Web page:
“二百五 (èrbǎiwǔ)” is not a compliment.

Key Learning Point (Preview):

二百五 (èrbǎiwǔ): n. a careless or silly person

In Chinese, especially between friends, one often calls another “二百五 (èrbǎiwǔ),” or says that someone is “二百加五十 (èrbǎi jiā wǔshí) two hundred plus fifty.” What does this expression mean? Let’s read this small story to learn more about it.

Sū Qín shì Zhànguó shí de yí ge shuìkè, tā shēn pèi liù guó xiàngyìn,
苏 秦   是   战国         时 的 一个 说客,  他 身   佩   六 国    相印,
hěn shì wēifēng, dàn yě jiéxiàle hěnduō chóurén.
很    是   威风,   但  也  结下了   很多      仇人。
Su Qin was a lobbyist in the Warring States. He wore the chief minister’s seals for six states and was quite impressive, but also had many enemies.

Hòulái, tā zài Qíguó bèi rén shā le, Qí Wáng hěn nǎonù, yào wèi Sū Qín bàochóu.
后来,他  在   齐国   被   人   杀 了,齐 王     很     恼怒,要   为   苏   秦   报仇。
One day, he was murdered in Qi. The King of Qi was very angry, and he wanted to avenge Su Qin.

Kě yì shí zhuā bú dào xiōngshǒu, yúshì, tā xiǎngle yì tiáo jìcè.
可 一时 抓     不   到    凶手,      于是,他 想了   一 条 计策。
The murderers had not been caught yet, so the king formulated a strategy to uncover the criminals.

Tā ràng rén bǎ Sū Qín de tóu guà zài chéngmén shàng, bìng xuānchēng
他 让    人    把 苏 秦  的 头   挂    在   城门              上,   并       宣称
shuō: “Sū Qín shì ge nèijiān, shāle tā de rén shǎng huángjīn qiān liǎng.”
说: “苏   秦   是   个  内奸,   杀了 他 的 人   赏         黄金       千     两。”
He let someone hang Su Qin’s head on the city gate and declared, “Su Qin was a spy, and the people who killed him are expected to claim an award of one thousand taels of gold.

Yúshì yǒu sì ge rén shēngchēng shì zìjǐ shāle Sū Qín.
于是   有   四 个人    声称           是自己 杀了 苏 秦  。
Four people stepped forward and claimed they were the killers.

Qí Wáng wèn: “Yìqiānliǎng huángjīn, nǐmen sì ge rén gè fēn dé duōshǎo?”
齐 王      问:“ 一千两         黄金,    你们   四 个 人 各 分 得 多少?”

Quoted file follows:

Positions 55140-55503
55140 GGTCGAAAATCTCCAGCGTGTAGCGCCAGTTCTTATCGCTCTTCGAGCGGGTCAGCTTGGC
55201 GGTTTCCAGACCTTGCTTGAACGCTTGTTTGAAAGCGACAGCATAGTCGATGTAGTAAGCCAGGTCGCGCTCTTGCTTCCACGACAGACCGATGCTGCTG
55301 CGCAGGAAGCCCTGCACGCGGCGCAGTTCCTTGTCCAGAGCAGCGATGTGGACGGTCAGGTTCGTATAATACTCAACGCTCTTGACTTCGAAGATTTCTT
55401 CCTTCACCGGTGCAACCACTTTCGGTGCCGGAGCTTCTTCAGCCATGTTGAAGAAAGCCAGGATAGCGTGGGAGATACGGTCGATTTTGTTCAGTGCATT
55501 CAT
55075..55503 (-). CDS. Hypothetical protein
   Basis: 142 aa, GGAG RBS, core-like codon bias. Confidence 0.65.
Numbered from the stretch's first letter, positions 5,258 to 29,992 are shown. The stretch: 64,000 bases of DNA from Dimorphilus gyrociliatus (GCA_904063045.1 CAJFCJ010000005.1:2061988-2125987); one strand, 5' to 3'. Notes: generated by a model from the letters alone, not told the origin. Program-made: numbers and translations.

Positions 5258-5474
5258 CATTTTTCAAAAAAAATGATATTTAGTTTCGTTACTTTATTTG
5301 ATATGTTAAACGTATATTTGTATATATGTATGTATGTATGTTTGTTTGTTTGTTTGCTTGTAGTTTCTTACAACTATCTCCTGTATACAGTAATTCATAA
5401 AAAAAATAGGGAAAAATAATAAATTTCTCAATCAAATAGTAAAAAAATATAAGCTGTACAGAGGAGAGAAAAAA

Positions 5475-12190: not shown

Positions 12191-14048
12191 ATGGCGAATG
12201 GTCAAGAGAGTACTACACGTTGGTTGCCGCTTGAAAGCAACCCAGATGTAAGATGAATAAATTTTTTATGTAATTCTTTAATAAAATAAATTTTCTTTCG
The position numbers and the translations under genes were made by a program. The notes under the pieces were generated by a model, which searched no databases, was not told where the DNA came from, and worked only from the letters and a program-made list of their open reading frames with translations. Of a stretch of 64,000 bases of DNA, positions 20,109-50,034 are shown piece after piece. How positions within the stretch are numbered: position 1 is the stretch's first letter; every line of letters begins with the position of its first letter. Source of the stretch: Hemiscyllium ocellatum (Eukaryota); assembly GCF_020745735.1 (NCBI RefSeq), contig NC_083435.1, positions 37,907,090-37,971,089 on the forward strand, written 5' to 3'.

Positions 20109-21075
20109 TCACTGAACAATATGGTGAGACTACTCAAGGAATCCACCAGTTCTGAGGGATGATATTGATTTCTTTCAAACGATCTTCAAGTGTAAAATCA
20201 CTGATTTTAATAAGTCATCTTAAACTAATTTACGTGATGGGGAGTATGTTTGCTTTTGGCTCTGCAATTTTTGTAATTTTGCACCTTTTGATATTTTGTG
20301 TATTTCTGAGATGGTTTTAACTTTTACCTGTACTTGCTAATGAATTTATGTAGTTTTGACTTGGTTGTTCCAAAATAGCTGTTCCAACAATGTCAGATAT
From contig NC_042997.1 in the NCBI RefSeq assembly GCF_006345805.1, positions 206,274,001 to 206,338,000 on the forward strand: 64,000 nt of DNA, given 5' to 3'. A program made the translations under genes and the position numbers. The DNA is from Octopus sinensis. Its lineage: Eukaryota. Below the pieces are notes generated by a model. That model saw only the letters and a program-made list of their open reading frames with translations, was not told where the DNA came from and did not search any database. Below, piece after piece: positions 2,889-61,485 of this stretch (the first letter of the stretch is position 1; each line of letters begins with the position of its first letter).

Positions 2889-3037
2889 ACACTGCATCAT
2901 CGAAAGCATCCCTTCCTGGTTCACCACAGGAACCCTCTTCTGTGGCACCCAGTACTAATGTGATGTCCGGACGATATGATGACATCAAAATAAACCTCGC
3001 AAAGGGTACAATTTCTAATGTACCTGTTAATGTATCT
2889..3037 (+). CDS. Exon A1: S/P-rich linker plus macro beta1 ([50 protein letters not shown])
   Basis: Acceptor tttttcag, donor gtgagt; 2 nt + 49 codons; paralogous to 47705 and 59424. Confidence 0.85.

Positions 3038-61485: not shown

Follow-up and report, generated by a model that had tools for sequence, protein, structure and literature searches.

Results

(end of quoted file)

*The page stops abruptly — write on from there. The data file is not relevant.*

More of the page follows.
The King of Qi asked: “There are one thousand taels of gold, how much should each of you get?”

Sì rén qíshēng huídá: “yìrén èrbǎiwǔ.”
四人   齐声      回答:“一人  二百五。”
“Two hundred and fifty each person,” the four answered all at once.

Qí Wáng dànù dào: “Láirén, bǎ zhè sì ge ‘èrbǎiwǔ ’ tuīchūqu zhǎn le!”
齐 王      大怒  道:“ 来人,把 这  四 个‘ 二百五’    推出去    斩 了!”
The king said in a rage, “Come, take out these four ‘二百五 two hundred and fifty’ and behead them!”

“Èrbǎiwǔ” yì cí jiù zhèyàng liúchuán xiàlái le.
“二百五” 一词 就  这样      流传        下来 了。
The word “二百五” passed down into spoken Chinese from this event.

Key Learning Point:

二百五 (èrbǎiwǔ): n. a careless or silly person

The phrase “二百五 (èrbǎiwǔ)” refers to people who are silly, innocent and careless. Though this word is a little negative, it is commonly used in daily life. Sometimes, instead of sincerely trying to insult someone, it is used as a friendly way to comment on people who don’t think or do things carefully. For example, when your friend says you are an “二百五 (èrbǎiwǔ),” they are showing their care at the same time. Now, many people also shorten it as “二 (èr),” which is used as an adjective or adverb.

Example:

Lǐ Léi: Nǐ gēn nǐ jiě zhǎng de hǎo xiàng a.
李雷:你 跟 你姐   长      得   好    像   啊。
Li Lei: Jon, you look very much like your sister.

Qiáoēn: Nǐ ge èrbǎiwǔ, zhè shì wǒ mā.
乔恩: 你 个 二百五,这    是  我 妈。
Jon:  You got the cabbage head. This is my mother. (Note: “二百五” here is used between friends, so it isn’t meant to seriously insult Li Lei.)

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5 thoughts on ““二百五 (èrbǎiwǔ)” is not a compliment.”

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